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City of Plano Goes the Extra Mile to Make Texas' New Cottage Food Law Totally Useless

Yesterday, the Department of State Health Services hosted a meeting in Austin on the proposed new labeling rules for the Texas Cottage Food law, which have bakers in an uproar. And if this video wasn't a clear indication of how the city of Plano feels about the newfound freedom of home bakers, their representative at the meeting hammered home the point.

Kelley Masters of the Texas Baker's Bill Facebook page, who was in attendance at the meeting, reports back that the Plano official spoke in favor of the new labeling rules and went on to call the law an "unfunded mandate."

The law was designed to allow home-bakers to sell their goods without being commercially licensed. But the new labeling requirements and other proposed restrictions are basically neutering the law.

I spoke Thursday with Brian Collins, Plano's Director of Environmental Health, about the city's involvement in the meeting. He said the city sent Geoffrey Heinicke, the city's environmental health manager, to Austin to provide comments on the labeling portion of the Cottage Food Law. When asked to expand on the "unfunded mandate," Collins offered this:

"The Cottage Food Bill actually requires that if there is a problem with food from a home baker (...) that the complainant should contact their local health department, but beyond that there's no guidance as to what's to be done. And in putting that requirement into law, it requires the local health department to extend resources, to take the call and document the call. Then, there's no guidance with what to do. Certainly we don't have the resources to send people on chases to people's homes in regards to Cottage Food Laws."

The Cottage Food Law stipulates that records are supposed to be kept regarding any complaints, but nowhere does it dictate that home kitchens need to be inspected by city health departments. Collins agreed, but pointed to the expectations of callers:

"That's the difficulty," said Collins. "If it says to call your local health department on the other end of the phone the person wants to know what you're going to do about it. There's an expectation that their local health department will respond."

Matt Cloninger is in the Restaurant and Bar Inspection Division in Code Compliance for the City of Dallas. He explained that there are several ways Dallas handles those types of calls. Residents can either use the online system, call 3-1-1 or the Code Compliance office.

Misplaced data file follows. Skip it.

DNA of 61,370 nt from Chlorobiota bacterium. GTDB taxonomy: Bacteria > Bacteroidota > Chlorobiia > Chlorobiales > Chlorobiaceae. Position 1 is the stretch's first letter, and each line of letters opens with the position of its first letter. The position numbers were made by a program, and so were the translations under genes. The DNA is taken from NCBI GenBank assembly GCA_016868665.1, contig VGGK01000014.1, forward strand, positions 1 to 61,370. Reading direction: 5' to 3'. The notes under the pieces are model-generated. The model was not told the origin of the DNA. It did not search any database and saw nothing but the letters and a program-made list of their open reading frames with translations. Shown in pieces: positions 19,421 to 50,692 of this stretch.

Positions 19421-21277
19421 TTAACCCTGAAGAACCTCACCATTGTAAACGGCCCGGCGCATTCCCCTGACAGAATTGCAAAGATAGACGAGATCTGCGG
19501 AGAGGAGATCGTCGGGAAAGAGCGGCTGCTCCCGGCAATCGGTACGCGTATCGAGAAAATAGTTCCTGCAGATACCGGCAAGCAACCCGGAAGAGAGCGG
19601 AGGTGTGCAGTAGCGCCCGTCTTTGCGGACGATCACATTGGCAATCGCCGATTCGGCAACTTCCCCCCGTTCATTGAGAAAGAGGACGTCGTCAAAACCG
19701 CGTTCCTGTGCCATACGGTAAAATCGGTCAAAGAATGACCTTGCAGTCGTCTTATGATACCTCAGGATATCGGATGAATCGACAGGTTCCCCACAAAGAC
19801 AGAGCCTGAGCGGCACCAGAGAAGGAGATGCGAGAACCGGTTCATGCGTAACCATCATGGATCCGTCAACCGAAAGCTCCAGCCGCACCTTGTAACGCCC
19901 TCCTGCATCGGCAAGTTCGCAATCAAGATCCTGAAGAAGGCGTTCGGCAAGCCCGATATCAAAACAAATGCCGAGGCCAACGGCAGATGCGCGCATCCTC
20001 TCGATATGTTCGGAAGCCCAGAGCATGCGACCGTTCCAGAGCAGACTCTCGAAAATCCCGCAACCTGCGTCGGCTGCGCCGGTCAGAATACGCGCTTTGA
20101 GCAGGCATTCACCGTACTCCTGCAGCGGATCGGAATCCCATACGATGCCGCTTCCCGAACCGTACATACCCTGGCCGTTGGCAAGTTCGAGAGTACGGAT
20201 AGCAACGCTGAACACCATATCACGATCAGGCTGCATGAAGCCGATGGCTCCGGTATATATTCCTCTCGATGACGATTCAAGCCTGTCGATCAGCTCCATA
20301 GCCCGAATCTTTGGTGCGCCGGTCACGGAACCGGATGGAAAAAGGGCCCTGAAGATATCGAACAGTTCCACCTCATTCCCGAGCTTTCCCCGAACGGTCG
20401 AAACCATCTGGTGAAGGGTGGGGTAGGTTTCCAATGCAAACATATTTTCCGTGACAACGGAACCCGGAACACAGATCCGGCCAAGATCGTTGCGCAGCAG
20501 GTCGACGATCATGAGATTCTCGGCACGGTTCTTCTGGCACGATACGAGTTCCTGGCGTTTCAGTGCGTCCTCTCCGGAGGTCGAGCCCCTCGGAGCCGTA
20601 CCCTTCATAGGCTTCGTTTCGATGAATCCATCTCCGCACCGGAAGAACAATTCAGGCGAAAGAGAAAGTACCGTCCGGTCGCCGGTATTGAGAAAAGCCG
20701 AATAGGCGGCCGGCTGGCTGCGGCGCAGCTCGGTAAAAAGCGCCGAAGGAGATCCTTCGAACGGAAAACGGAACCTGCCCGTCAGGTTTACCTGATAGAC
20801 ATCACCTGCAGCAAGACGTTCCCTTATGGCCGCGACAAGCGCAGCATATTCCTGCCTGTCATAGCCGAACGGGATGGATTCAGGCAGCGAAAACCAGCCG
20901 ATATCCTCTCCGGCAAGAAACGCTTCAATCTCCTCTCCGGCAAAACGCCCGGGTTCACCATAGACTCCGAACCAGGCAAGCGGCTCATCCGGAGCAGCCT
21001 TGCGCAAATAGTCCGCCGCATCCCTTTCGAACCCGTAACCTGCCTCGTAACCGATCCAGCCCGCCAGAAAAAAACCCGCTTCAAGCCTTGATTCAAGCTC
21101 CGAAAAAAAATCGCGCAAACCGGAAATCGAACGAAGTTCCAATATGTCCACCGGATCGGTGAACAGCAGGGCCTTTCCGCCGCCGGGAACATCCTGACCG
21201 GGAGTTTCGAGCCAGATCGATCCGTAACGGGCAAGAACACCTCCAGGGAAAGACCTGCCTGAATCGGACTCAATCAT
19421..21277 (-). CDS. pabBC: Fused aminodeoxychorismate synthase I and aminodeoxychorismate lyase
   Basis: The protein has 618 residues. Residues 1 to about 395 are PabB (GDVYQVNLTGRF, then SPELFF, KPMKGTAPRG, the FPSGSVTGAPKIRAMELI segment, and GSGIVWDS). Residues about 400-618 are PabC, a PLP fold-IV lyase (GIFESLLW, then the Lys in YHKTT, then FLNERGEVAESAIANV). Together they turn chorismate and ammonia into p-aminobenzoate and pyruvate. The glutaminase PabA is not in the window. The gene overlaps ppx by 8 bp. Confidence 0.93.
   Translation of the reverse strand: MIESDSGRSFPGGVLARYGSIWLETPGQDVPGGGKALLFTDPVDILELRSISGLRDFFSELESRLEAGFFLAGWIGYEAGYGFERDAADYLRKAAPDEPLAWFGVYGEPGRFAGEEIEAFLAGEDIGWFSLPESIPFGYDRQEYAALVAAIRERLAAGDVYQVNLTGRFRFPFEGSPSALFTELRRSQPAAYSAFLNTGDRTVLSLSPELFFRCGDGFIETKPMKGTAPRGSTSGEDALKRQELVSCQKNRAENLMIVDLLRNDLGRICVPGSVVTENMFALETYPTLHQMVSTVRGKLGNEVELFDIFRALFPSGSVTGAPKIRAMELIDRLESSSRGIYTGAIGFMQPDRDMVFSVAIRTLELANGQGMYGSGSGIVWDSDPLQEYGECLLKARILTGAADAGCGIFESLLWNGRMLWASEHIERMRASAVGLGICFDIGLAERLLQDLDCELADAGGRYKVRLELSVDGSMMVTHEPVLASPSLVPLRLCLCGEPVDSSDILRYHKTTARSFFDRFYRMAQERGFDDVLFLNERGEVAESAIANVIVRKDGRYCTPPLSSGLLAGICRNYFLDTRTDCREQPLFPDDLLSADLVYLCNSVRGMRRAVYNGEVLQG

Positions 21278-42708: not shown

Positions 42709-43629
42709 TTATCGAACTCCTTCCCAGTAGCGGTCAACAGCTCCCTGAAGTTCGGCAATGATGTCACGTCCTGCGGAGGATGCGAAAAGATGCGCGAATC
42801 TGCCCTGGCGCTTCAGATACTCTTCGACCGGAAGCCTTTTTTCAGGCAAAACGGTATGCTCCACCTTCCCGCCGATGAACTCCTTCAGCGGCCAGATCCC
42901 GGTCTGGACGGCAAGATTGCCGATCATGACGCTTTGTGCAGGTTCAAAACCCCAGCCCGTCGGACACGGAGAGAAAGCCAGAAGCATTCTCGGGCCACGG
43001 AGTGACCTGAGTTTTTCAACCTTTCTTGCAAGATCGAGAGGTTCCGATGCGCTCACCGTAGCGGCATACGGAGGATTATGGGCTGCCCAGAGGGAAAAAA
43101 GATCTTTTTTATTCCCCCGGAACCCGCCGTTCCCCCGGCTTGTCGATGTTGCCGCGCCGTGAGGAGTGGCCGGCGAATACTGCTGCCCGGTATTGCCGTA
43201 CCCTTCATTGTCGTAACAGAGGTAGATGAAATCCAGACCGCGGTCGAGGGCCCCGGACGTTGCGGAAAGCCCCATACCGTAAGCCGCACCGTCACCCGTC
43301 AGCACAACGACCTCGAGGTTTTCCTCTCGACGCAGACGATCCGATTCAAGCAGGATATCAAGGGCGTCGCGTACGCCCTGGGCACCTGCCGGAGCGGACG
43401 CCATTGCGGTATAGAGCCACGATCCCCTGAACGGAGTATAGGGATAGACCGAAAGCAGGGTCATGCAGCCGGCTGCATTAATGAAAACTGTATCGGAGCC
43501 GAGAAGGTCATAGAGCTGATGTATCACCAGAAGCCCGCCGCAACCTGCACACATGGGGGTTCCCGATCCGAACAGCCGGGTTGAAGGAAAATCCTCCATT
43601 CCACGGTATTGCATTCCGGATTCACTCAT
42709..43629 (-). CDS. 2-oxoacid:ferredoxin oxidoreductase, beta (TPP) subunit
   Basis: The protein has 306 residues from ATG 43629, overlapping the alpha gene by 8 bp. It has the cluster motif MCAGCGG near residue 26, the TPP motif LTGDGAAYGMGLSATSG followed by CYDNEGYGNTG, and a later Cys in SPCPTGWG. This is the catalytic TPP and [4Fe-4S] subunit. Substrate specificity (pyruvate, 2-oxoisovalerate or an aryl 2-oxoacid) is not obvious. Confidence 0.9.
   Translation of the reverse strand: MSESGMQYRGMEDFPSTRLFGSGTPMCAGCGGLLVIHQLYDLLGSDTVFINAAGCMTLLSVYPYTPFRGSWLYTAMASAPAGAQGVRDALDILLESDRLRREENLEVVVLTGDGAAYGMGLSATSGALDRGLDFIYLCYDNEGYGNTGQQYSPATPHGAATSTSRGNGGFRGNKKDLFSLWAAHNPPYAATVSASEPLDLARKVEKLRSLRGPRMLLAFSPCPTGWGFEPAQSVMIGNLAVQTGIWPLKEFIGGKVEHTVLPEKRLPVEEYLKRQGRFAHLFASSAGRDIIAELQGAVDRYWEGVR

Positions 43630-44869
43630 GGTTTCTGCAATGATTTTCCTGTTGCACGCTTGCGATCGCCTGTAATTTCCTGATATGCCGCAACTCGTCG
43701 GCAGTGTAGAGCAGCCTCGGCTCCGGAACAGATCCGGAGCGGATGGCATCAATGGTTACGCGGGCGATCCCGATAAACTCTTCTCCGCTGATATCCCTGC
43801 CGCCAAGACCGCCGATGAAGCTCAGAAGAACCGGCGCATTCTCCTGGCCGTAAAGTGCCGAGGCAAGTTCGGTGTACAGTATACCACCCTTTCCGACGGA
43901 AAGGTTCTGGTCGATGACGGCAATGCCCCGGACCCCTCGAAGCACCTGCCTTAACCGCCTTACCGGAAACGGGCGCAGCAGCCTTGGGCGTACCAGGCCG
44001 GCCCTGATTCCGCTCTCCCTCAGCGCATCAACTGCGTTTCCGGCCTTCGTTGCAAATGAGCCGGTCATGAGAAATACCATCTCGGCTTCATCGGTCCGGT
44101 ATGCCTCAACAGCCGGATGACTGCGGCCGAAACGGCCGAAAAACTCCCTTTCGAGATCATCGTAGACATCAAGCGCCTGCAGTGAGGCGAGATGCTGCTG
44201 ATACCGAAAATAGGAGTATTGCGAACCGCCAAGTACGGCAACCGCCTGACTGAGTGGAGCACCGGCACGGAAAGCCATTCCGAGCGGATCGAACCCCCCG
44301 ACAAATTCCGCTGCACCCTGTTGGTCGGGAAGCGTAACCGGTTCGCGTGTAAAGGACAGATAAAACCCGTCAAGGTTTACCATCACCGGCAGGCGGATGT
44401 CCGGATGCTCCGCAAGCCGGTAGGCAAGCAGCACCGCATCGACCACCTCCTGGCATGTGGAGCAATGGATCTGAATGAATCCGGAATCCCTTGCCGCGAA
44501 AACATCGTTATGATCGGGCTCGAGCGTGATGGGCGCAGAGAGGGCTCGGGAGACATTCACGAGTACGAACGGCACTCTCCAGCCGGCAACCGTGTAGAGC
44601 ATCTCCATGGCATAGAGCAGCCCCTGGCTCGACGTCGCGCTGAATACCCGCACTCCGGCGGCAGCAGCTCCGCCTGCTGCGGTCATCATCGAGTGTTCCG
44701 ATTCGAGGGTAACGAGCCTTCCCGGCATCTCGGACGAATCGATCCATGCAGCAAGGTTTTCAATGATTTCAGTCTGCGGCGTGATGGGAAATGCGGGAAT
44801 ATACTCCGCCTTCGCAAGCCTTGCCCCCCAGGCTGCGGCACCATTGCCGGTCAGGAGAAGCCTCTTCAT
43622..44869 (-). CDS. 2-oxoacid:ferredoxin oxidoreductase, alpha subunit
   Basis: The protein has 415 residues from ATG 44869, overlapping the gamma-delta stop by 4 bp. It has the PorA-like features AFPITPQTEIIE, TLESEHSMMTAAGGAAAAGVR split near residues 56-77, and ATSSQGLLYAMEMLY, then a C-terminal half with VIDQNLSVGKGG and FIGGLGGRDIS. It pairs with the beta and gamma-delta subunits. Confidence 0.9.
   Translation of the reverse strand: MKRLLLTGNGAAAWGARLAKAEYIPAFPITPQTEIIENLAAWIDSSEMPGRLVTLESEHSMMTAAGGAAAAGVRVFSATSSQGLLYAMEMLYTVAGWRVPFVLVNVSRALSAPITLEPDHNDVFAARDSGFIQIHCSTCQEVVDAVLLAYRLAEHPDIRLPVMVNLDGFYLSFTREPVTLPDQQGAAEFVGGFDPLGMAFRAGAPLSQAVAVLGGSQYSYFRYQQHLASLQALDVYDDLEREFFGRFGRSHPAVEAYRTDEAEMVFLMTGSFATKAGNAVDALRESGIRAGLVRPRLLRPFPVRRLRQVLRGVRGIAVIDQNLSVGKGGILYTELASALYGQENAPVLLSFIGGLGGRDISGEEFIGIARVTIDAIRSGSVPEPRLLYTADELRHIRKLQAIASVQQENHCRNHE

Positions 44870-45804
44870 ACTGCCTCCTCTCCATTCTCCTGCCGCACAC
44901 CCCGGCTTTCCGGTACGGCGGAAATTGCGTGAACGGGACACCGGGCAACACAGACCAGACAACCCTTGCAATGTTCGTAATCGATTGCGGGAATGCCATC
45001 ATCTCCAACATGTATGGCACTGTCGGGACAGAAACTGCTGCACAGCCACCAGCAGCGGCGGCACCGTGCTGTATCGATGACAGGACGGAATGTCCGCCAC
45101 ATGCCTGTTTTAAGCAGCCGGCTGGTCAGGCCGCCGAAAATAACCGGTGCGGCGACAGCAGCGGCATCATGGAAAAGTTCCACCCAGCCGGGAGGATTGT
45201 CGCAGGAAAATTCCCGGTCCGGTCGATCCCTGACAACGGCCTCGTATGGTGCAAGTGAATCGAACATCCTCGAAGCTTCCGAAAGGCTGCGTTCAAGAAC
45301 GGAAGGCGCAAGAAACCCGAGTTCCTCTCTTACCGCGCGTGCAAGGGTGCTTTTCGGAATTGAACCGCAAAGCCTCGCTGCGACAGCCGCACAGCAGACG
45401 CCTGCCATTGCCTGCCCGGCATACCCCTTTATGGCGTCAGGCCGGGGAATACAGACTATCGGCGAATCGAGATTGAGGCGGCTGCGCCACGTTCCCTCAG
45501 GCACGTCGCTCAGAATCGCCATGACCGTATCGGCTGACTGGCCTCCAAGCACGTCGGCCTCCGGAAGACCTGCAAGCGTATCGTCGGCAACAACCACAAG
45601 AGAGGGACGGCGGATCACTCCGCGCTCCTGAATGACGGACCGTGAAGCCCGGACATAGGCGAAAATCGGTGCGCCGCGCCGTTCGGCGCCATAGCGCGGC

As far as the resources needed to track those calls?

"We have a complaint system that we use," said Cloninger. "And depending on what it is would determine what we do with it. But, we haven't gotten any of those types of complaints yet."

As it currently stands, the Cottage Food Law requires all home-bakers to label their goods with a statement along the lines of, "This product was made in a home kitchen that was not inspected by a health department." Legislators added this to serve as a safety net.

After pointing that out to Collins, he said, "That's why we're in favor it."

But the meeting Thursday was about adding additional rules, like a list of ingredients by weight in descending order, allergen information and net weight. Home bakers are frustrated by this because they feel there is a true disconnect between the people who are writing these rules and whose affected by those rules. Weighing a wedding cake for a custom order seems excessive.

"It's not any different than a commercial manufacturer would be required to do," said Colllins.

But commercial manufacturers have resources. At-home bakers trying to make a few extra bucks by decorating cakes have a home computer and a printer that's probably out of ink. That distinction is the whole point of the bill. But that's lost on Collins.

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"And I think with that," Collins said, "commercial manufacturers also have a better understanding of what food safety components are and a better understanding of what the culpability is from a legal perspective. Whereas someone producing at home may not, just may not, have those concerns until after something happens. And once it happens, we're in the game regardless."

On the push for more labeling, Collins emphasizes the ability to "trace-back" in the event there is a complaint. But the name and address of the baker is already required to be on the packaging per the original law. And since these are mostly custom orders and the seller interacts directly with the buyer, trace-back hardly seems like an issue.

I put the question directly to Collins, "Does the city of Plano support home bakers?"

"We support the labeling. We're about food safety and public health. We want to do whatever we can to mitigate the incidents of food borne illness in this regard. So, with the law already passed right now, we're in favor of the labeling component that allows us to do a trace-back or recall."

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